Libraries serve communities, and our tools are successful when they have a positive impact on people’s lives. Our final session will therefore focus on first-hand experiences of the impact of controlled digital lending. We’ll hear from libraries that have implemented the practice and from library users about what it has meant for them. We look forward to hearing from those on the frontlines of the COVID-19 response about how they are using digital library practices to adapt to the situation and continue to serve those who most need free access to digital materials. 

Beyond the Forum: the #EmpoweringLibraries campaign

The issues raised at the Forum are not merely theoretical, but require urgent action in the face of a new lawsuit which threatens the practice of controlled digital lending and the age-old role of libraries in society. It is crucial for the future of libraries and the rights of our most vulnerable communities that the ideas and experiences shared during the forum are heard more widely. In order to empower the community to stay connected and make their voices heard after the Forum, we will launch the #EmpoweringLibraries campaign, defending the right of libraries to own, preserve and lend digital books. The campaign will turn the ideas discussed during the Forum into action, and the community into a movement for change. 

The Library Leaders Forum will take place on 6, 13, and 20 October 2020. You can register for free here, or follow the #EmpoweringLibraries hashtag on Twitter for live updates. 

Registration Is Now Open for the Library Leaders Forum

Every October we host the Library Leaders Forum, which is traditionally a one-day workshop that brings together librarians, archivists, and information managers to learn about emerging technologies in libraries. Registration is now open for this year’s Forum, which will be entirely virtual. We hope you can join in and learn from a distance about new developments and projects at the Internet Archive, especially those relating to controlled digital lending.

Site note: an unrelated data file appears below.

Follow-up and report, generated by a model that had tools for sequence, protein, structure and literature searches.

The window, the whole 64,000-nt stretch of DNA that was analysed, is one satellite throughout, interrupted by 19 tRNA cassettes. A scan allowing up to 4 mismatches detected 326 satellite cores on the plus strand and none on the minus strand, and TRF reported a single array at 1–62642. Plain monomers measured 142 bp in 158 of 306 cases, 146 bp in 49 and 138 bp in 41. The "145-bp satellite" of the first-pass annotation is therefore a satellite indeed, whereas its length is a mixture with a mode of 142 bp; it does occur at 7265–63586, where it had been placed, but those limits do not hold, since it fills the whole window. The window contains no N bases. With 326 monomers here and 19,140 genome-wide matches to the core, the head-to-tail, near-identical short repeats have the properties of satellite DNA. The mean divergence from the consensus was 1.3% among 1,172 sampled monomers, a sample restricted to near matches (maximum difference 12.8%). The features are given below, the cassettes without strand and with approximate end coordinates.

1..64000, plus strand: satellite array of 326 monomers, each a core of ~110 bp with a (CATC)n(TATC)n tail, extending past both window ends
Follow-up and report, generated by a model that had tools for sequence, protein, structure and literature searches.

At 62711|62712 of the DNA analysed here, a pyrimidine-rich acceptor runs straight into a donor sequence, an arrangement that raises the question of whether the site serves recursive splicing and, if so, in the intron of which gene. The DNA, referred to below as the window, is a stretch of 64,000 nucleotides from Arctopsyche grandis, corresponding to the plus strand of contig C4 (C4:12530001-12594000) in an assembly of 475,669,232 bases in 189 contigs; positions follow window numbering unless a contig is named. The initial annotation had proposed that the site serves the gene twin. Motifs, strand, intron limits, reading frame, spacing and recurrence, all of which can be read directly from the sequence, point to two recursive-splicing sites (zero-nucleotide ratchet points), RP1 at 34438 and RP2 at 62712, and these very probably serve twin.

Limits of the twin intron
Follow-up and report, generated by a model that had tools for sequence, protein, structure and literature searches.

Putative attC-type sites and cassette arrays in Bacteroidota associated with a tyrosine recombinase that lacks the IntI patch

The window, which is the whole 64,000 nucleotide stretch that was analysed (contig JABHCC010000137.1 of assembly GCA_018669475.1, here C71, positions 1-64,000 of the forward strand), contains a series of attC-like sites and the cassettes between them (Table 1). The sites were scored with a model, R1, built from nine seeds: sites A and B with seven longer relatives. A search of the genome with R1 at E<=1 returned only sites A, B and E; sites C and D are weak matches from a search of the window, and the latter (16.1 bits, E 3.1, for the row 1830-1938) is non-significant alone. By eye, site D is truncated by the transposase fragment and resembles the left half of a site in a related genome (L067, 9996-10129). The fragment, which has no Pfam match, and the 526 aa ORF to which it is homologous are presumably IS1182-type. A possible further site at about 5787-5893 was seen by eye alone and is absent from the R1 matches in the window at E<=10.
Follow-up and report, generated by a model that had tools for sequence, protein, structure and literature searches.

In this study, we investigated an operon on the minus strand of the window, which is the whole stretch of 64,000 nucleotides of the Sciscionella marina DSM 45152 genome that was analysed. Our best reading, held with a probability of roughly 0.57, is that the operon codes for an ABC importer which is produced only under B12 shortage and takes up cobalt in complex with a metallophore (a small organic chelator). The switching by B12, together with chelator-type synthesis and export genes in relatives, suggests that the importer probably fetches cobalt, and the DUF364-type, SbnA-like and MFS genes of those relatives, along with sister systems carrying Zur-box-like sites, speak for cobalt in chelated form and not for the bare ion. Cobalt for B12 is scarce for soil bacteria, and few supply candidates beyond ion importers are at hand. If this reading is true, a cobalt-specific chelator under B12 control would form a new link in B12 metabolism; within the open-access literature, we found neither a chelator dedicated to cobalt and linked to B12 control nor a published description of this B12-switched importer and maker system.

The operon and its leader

The theme of this year’s Forum is “Empowering Libraries and Communities Through Digital Lending.” With library service impacted at global scale due to COVID-19, libraries have had to adjust their digital lending programs to meet the needs of the communities they serve. Join experts from the library, copyright, and information policy fields for a three-week virtual event exploring current digital lending strategies for libraries and the future of digital lending. Sessions will be held online October 6, 13, & 20.

October 6: Policy
10am-12pm PDT
Join leaders in the library copyright community & policy experts for a panel discussion on the future of digital lending and its value to libraries and the communities they serve.

October 13: Community
10am-12pm PDT
A community of practice has emerged around controlled digital lending. Learn from leaders who are developing next generation library tools that incorporate and build upon CDL.

October 20: Impact
10am-12pm PDT
Learn from libraries that have implemented controlled digital lending and hear from users about the impact the library practice has made for them.

Register now for each session, and also check out our pre-conference workshop “How Controlled Digital Lending Works for Libraries.”

Last year’s Forum was a rousing success! Read the recap.

Canceled: Rebecca Solnit in conversation with Andrew Sean Greer

Update, 3/10/20: We’re very sorry to announce that due to public health concerns around the coronavirus, Ms. Solnit has decided to cancel her tour. Consequently, we’ve been forced to cancel this event. Booksmith will refund all previously purchased tickets, and you may still purchase a copy of the memoir through their site. Thank you for your understanding.